The exact figure for distribution could be determined at a later date after discussions with the tribe’s gaming entities have taken place. 

Wolfetown Rep. Mike Parker commented early on in the discussion saying he “loved the intent” of the resolution but wished to delay discussion on the subject.

“The reason for my request is just thinking through our current financial situation and everything,” he said. “I think we still have not had an opportunity to sit down and discuss prioritizing tribal projects, outside projects. We all sitting around the table know we’re trying to figure out how we’re going to fund some of these things.”

Calls for caution also came from Painttown Rep. Michael Stamper who urged that a hasty decision now could lead to some “controversy down the road.” 

He, therefore, proposed holding a work session on the bigger picture of tribal finances before passing a resolution. 

Sneed welcomed the tribe’s prudent stance. He also made reassurances that passing the resolution did not equate to a change in tribal law. Instead, it would incentivize the TCGE and EBCI Holdings to work in tandem with the tribe to draw up viable legislation which the Tribal Council could then either pass or kill.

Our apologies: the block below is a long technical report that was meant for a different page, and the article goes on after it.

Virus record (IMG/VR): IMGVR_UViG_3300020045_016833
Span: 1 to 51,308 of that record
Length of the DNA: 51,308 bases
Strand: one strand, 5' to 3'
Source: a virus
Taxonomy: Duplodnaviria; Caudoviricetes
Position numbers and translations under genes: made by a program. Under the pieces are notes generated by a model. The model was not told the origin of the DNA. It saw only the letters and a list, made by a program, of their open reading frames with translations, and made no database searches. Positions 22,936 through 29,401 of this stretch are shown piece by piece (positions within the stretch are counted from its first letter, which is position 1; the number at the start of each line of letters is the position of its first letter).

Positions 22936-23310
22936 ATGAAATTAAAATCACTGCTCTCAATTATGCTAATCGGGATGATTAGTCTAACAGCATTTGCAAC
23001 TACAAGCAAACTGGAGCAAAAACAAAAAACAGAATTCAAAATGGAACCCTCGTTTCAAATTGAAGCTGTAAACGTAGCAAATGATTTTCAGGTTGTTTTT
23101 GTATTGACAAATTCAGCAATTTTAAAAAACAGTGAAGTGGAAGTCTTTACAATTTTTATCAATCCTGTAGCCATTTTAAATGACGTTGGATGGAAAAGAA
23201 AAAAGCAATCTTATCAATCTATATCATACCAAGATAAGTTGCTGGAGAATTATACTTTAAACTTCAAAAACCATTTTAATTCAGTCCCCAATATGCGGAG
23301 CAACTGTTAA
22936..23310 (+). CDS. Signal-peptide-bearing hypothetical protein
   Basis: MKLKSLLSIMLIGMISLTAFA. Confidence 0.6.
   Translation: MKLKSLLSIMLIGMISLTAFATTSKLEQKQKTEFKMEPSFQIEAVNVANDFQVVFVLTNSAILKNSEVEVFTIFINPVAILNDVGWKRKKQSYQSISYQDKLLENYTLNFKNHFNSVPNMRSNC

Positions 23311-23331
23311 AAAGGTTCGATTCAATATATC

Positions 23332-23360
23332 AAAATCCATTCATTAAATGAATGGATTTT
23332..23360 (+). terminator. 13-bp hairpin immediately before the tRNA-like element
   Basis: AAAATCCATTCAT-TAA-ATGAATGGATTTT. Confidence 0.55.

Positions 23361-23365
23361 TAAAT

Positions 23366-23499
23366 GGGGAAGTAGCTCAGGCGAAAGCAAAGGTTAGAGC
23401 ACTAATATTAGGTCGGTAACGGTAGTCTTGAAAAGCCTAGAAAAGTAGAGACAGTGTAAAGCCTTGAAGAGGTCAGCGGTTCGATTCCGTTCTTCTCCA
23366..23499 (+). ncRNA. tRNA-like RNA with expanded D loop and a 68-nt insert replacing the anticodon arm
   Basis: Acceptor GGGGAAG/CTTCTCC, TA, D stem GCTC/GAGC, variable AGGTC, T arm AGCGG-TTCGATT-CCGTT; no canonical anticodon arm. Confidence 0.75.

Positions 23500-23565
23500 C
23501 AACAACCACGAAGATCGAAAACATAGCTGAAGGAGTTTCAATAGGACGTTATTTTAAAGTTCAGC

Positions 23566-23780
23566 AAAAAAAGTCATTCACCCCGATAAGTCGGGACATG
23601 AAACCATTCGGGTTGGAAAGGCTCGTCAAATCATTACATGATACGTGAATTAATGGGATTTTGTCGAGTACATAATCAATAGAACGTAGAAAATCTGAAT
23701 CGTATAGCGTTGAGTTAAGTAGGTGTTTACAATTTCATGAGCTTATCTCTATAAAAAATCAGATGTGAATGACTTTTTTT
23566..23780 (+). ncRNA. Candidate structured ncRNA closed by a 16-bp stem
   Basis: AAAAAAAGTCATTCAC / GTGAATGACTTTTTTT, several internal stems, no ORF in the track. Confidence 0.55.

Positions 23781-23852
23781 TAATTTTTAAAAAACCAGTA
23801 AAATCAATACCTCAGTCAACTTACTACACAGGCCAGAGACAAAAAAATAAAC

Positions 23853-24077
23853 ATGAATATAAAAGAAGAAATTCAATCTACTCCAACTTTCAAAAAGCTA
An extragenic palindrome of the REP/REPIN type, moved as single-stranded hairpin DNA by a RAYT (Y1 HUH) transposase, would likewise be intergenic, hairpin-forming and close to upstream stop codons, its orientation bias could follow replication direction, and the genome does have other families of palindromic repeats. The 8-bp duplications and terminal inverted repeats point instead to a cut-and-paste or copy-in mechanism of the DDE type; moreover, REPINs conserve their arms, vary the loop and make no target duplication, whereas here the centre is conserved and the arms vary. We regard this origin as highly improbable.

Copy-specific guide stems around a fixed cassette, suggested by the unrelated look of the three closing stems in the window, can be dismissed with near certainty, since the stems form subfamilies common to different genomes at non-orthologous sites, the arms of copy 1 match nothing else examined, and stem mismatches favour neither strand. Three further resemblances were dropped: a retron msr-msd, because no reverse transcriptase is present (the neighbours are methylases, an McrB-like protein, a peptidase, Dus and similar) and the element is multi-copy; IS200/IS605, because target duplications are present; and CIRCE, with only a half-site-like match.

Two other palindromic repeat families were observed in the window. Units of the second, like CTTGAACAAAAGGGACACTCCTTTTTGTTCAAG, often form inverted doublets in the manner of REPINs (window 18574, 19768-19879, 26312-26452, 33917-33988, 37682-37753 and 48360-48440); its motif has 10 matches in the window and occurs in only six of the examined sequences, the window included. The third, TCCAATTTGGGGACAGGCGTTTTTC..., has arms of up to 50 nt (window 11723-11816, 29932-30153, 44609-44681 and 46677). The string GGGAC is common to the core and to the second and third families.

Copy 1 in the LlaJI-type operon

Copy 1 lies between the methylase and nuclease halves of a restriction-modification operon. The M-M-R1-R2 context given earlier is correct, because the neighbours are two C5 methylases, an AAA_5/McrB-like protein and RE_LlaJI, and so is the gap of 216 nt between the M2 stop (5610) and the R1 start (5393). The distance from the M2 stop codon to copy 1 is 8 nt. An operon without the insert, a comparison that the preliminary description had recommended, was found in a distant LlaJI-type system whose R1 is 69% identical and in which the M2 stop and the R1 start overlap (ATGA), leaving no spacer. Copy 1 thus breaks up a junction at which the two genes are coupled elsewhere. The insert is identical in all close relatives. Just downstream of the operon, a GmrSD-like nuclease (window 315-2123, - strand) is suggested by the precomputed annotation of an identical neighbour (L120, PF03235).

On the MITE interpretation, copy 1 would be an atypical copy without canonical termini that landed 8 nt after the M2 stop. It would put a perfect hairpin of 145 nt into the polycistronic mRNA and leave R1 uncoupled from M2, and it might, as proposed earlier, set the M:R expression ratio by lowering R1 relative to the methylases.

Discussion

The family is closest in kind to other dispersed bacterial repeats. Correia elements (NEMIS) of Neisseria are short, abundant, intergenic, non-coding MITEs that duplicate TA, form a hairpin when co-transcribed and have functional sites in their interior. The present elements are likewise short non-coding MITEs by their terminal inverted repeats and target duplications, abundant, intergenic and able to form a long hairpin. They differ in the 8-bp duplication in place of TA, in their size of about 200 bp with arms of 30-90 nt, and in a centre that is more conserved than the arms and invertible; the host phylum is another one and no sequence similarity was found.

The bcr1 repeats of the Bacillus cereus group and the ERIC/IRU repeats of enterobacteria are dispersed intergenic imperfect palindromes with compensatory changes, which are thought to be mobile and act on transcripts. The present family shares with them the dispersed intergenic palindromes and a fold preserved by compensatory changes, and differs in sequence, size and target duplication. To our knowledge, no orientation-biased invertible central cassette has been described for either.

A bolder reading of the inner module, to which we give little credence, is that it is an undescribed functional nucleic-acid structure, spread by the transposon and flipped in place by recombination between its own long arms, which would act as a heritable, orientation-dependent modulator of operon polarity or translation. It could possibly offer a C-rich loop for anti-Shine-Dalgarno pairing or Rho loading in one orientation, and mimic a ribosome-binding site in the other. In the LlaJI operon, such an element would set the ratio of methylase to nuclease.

“All this does is authorize the Attorney General to work with EBCI Holdings to work on an ordinance to create the revenue allocation,” Sneed said. 

Sneed acknowledged Rep. Parker’s input was constructive, but highlighted that the bigger issue with regard to funding “projects” is the need to create a process on the Tribal Council side. As he pointed out, at present “there is no process.”

Ultimately, the principal chief did not contest Saunooke’s motion to remove the 75% value from the resolution. Satisfied with both the amendment and the resolution, the Tribal Council unanimously approved them both. 

About the Author

Rashid Mohamed

Rashid Mohamed is a freelance news reporter covering sports, sports betting, gambling laws, and casino business for Catena Media. He writes for a number of sites including NCSharp, PlayTexas, PlayCA, and PlayOhio.